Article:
• Construction - It is almost impossible to find a metal sewing machine anymore. This was a big surprise to me when I was shopping, but C' est la Vie. I used to like using my magnetic seam gauge and pincushion stuck on the machine, but I'm not so old that I can't adapt.
  • Computerized - again, not essential, but easy to use. When my old, mechanical one was not working quite right, my husband or I could take it apart to various degrees and make it better. That's not as possible with the new one.
  • Case - get a case for storage unless you have a dedicated table for the thing or never plan to use it away from home. It's likely the case will not be included in the price of your machine.
  • Find out where you can have it serviced. You'll want it to be someplace local and fairly convenient. Repairs on any model are outrageously priced, so look into a warranty of some kind, but don't overpay for one. Really, unless you get a lemon, machines need few repairs. I had to replace a presser foot on my Singer and the arm that lifts my Viking broke once. Those are the only repairs I've ever had in a lot of years, but the prices are ridiculous.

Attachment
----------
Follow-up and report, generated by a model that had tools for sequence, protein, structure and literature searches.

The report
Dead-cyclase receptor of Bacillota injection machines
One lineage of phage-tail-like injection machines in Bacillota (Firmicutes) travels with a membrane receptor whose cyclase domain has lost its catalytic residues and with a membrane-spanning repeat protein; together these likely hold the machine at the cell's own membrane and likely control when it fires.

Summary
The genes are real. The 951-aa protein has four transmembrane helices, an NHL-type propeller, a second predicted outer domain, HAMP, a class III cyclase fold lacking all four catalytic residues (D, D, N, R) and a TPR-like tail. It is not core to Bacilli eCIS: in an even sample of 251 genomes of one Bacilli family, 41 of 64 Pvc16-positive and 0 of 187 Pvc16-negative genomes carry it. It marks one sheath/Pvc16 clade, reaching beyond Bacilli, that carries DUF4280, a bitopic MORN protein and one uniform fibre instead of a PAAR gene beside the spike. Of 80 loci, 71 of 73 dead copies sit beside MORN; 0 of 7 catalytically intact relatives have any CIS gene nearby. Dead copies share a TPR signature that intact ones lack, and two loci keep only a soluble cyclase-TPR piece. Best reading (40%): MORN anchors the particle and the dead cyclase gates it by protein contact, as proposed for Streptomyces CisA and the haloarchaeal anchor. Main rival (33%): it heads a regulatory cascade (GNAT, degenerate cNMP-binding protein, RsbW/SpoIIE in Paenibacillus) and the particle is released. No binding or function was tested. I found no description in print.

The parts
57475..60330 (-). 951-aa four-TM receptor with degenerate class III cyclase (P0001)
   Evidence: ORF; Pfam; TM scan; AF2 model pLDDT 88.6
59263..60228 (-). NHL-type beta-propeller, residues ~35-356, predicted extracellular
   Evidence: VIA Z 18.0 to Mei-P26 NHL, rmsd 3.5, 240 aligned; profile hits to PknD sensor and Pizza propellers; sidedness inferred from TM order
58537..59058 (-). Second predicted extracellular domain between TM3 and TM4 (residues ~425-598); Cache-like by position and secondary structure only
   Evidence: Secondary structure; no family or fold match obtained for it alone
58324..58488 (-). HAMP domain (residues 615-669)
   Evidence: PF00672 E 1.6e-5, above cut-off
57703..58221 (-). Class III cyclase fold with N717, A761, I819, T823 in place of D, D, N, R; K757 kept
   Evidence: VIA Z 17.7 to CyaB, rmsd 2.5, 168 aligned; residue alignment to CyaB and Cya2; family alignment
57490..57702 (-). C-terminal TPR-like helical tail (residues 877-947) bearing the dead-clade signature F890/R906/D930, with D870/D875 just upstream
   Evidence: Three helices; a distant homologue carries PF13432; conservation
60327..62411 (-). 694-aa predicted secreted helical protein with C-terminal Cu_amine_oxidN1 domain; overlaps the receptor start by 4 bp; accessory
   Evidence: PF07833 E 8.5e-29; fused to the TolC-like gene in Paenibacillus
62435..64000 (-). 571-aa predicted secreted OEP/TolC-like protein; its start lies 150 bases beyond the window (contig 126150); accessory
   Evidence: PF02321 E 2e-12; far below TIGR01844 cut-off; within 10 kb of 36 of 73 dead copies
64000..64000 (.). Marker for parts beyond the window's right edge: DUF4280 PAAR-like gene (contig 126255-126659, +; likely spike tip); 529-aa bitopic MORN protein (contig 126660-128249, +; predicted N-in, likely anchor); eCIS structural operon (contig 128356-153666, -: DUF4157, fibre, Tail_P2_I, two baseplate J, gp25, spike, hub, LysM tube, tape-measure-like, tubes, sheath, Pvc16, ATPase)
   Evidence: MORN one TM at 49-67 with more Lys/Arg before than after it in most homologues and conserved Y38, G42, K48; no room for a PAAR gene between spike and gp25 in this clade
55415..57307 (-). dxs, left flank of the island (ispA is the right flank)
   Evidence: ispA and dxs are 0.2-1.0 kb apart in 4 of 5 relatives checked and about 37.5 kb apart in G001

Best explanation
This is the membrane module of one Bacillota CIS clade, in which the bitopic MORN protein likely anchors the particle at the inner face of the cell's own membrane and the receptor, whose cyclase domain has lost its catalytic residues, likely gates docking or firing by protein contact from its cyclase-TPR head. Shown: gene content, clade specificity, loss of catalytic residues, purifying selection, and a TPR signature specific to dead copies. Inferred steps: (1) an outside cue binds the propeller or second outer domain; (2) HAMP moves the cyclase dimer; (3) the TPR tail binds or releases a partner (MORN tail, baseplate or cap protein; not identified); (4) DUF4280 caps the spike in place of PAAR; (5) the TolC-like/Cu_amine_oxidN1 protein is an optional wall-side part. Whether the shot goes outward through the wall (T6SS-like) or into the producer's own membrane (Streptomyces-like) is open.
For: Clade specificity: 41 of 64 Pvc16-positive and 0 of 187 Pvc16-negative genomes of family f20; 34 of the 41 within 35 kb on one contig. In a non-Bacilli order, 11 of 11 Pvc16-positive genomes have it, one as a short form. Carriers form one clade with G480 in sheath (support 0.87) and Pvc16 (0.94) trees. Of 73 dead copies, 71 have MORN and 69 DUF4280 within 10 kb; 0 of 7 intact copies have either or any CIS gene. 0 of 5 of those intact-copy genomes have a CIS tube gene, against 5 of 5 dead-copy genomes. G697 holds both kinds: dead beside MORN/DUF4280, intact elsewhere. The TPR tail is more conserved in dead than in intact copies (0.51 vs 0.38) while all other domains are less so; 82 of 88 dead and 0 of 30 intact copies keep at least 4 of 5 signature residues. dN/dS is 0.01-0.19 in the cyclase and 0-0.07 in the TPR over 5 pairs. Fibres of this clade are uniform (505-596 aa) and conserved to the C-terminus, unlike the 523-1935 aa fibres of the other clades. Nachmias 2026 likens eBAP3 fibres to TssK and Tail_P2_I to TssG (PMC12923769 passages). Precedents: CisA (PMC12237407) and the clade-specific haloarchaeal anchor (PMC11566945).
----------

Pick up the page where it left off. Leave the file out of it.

What about you? What do you like about your machine? Do you have a great story about how you acquired it?
Image source

Monday, May 24, 2010

Hint of the Day: Strawberries

Yes, my egg slicer actually does look like this....

If you work gently, you can use an egg slicer for large batches of perfectly sliced strawberries.

Sunday, May 23, 2010

Celebrating Sunday: Pentecost

Now the company of those who believed were of one heart and soul, and no one said that any of the things which he possessed was his own, but they had everything in common.
[Acts 4, 32]

Today is the birthday of the Church!

Serving an entree that flew is a Pentecost tradition from medieval times. Depending on how many are at your table, a chicken, turkey breast, or Cornish hen would be a nice modern day substitute for the original dove or pigeon. For bonus points, decorate the table with red rose petals to symbolize the tongues of fire.